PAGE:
I’ll admit it—I enjoy being known as one of the “fun” teachers in school. It gives me great satisfaction to know that my students enjoy coming to class and that they often share what we do with their parents when they get home. I work tirelessly to present material in ways that are not only effective, but also enjoyable. It gives me pleasure to hear their giggles in the middle of an activity. It’s one of the reasons I continue to love my job even after all of these years.

Unfortunately, there are many colleagues who are not so enamored of my fun class. They are under the misperception that students enjoy my class because it is fun and therefore easy. Some have even said as much. They don’t believe the students could possibly be engaged in rigorous educational endeavors. This is absolutely not the case.

To these other teachers, rigor (by the way, I hate that word when applied to education) usually just means hard. It means more worksheets or problems assigned every night. It means the teacher drones on and on while requiring students to take copious amounts of notes. It means rote learning and very little critical thinking. It means they are not allowed to “help” each other learn. It means the child’s interest in or connection to the material is irrelevant. It means assignments that might be beyond the reach of their students. It means that many students fail their tests. It means many students dislike their class.

I strongly believe in what two of my edu-heroes say about rigor. Both Kylene Beers and Harvey Daniels say that there can be rigor without rigor mortis. This first time I heard each of them say that, I wrote it down in my notebook with a huge exclamation point next to it. It truly speaks to my philosophy of teaching.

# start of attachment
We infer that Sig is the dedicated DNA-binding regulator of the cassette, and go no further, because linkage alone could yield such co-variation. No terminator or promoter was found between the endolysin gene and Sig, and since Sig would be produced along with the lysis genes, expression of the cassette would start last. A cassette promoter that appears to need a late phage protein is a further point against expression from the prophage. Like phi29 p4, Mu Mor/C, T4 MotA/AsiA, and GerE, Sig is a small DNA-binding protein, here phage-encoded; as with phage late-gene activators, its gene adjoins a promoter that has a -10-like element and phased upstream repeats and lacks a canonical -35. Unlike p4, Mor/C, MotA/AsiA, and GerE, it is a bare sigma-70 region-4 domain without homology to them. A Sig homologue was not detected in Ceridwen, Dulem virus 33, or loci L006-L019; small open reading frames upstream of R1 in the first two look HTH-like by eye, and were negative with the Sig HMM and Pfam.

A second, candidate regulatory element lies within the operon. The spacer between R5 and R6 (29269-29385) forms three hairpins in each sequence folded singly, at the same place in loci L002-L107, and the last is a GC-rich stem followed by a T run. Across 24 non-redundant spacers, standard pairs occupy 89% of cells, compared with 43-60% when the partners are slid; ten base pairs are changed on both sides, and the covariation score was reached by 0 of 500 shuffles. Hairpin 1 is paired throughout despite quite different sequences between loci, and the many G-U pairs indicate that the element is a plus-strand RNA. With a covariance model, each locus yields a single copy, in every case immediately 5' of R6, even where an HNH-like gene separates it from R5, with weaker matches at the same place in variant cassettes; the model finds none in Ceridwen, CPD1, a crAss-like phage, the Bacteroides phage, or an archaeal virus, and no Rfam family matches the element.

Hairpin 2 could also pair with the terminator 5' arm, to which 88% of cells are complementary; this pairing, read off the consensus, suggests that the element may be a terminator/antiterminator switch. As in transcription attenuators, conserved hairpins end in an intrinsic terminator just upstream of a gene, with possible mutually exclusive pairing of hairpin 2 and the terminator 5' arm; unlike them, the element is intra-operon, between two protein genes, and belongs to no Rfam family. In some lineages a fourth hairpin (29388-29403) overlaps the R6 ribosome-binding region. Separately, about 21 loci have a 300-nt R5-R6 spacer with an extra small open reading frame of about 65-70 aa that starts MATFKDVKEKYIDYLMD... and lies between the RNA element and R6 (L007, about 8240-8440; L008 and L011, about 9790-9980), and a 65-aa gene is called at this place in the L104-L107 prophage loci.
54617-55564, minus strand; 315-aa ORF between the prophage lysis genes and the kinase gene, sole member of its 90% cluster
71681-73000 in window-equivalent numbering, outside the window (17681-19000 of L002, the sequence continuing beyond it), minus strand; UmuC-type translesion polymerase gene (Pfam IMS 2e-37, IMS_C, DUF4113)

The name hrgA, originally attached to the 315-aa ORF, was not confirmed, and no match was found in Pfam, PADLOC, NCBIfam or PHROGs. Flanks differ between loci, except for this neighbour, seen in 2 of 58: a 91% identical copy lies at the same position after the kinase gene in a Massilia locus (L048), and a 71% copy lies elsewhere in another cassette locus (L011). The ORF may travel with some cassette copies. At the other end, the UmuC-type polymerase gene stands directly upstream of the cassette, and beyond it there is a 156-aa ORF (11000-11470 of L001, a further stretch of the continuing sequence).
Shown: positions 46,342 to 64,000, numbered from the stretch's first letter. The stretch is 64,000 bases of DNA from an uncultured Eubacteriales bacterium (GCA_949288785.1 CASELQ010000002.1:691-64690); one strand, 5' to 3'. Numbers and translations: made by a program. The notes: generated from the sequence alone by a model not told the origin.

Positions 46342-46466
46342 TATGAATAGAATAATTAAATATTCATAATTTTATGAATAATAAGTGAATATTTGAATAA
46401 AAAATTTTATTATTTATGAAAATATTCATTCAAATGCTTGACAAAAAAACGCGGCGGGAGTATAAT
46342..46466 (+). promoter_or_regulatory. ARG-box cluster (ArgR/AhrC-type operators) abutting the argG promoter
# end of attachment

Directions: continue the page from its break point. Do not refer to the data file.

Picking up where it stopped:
Below, I will give an example of how I teach a fairly boring required skill (comma usage) in a way that challenges and engages my students. These are some of the activities my students do in class. I don’t use all of them every time and there are a few more not listed here. They are in no particular order.

  1. I show funny examples of comma misuse (such as this one) so they can see how commas avoid confusion.
  2. I show funny examples (such as this one) of how commas placed in different locations change the meaning of the sentence.
  3. We discuss the ongoing debate about the use of the Oxford comma.
  4. I give them a set of mentor text passages using all of the different types of comma usage. I have them work in partners or groups to see if they can determine the rule being exemplified in each passage. We share these together to make a master list. They are so excited when they get them right.
  5. They do scavenger hunts in their choice reading books for interesting sentences with commas to share and determine the rule being used. The more advanced version is to have them work together to find examples of every comma rule.
  6. They become human commas to punctuate sentences. I have a group of students write a sentence a couple of words at a time on individual white boards. I have them line up in order and the human commas must stand in the correct positions.
  7. I give them a passage using all of the different comma rules but with the commas missing. I tell them there are exactly X number of commas in the passage and challenge them to find every one. They generally work on this in pairs, but it could also be an informal assessment.
  8. I show them a video such as Flocabulary’s Comma Camp. There are other songs about commas online, but I have not yet used any of them.
  9. If they want to practice more at home, they can play online games. NOTE: these change often and I preview them every year, so I did not provide a link.

Over the years my students have enjoyed all of these activities. At no time was there a lecture with me requiring them to take notes and there was a lot of collaboration involved. Many of these activities require strong critical thinking skills as well. Most importantly, they remembered what they had learned because they were active participants. One of them even bought me this plaque because she saw it while on vacation and determined that I had to have it.

There’s no reason that the serious business of education needs to be serious. So the next time you hear laughter coming from the classroom of the teacher next door, please don’t assume the students are goofing around. My students aren’t.